MORGAN STANLEY: The Most Common Argument For The September Taper Is Based On Flawed Logic

Ben BernankeREUTERS/Jason ReedU.S.Federal Reserve Chairman Ben Bernanke addresses a news conference following the Fed’s two-day policy meeting at the Federal Reserve in Washington, June 19, 2013.

When the Federal Reserve concludes its two-day Federal Open Market Committee (FOMC) meeting next Wednesday,
economists expect to hear that the Fed is taperingits monthly purchases of $US85 billion worth of Treasury and mortgage-backed bonds.

This is something that Fed Chairman Ben Bernanke and his peers have been talking about since May.

The decision to taper is tied to the Fed’s economic expectations, which Fed-watchers believe allow for the taper to begin in September. As such, Fed-watchers also warn that the Fed risks losing credibility if it decides not to taper.

However, Morgan Stanley’s Matthew Hornbach thinks its a mistake to consider credibility when forecasting Fed policy.

If FOMC Meetings Always Went as Expected…

…they would not be very important events to markets globally. So critically analysing market expectations helps to expose risk scenarios. In the case of tapering, the most common rationale used to explain why the Fed will taper in September deals with Fed credibility. Given the market expects the Fed to taper in September and the Fed has yet to push back in a meaningful way, not tapering would cause investors to lose faith in future Fed communications and create undue volatility.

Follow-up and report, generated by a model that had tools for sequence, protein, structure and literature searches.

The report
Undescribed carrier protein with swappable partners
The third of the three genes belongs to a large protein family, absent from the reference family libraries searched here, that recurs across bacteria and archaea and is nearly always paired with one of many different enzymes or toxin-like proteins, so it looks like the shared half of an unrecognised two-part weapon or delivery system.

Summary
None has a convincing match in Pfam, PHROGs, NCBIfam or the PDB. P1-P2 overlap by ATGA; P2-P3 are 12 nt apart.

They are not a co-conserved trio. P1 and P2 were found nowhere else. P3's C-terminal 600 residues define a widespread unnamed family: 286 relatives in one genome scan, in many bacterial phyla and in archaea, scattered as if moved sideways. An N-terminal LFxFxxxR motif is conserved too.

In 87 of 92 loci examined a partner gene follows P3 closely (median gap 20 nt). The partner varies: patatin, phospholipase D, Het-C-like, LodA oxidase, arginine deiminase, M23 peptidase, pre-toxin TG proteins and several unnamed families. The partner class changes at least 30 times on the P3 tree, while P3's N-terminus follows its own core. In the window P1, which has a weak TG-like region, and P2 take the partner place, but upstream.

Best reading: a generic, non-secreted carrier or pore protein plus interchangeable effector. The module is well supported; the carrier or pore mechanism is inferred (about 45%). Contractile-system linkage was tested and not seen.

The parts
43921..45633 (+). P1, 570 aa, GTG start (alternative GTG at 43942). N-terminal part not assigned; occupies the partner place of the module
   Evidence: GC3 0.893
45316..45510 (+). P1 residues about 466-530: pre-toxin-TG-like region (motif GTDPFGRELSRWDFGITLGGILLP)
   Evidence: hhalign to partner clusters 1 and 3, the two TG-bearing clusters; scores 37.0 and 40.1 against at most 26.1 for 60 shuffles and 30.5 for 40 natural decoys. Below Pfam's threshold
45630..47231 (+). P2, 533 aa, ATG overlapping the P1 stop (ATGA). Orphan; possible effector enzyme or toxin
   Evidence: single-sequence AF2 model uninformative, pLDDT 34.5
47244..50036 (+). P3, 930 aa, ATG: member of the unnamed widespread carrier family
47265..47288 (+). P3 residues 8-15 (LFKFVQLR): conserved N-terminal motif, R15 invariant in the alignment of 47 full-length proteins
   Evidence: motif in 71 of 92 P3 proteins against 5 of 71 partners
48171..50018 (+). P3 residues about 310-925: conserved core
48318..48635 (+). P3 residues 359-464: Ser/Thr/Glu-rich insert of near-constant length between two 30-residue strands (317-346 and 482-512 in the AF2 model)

We find this logic flawed. The Fed does not pander to market expectations. And Fed pushback against market expectations does not only occur in between FOMC meetings. Finally, the Fed has shown its willingness to accept near-term market volatility (that may result if it chooses not to taper) if it will help avoid even higher volatility in the future.

In our view, markets may interpret a delayed tapering as a signal to a more prolonged purchase plan, and react accordingly. While the Fed might value an additional six or twelve weeks given the current downtrend in payroll data, the market may interpret the decision differently. Delaying tapering — relative to market expectations — could change the debate back to ‘why taper’, as opposed to ‘why not taper’, and create a large market reaction…

So, don’t be surprised if Bernanke throws the market a curveball next Wednesday.

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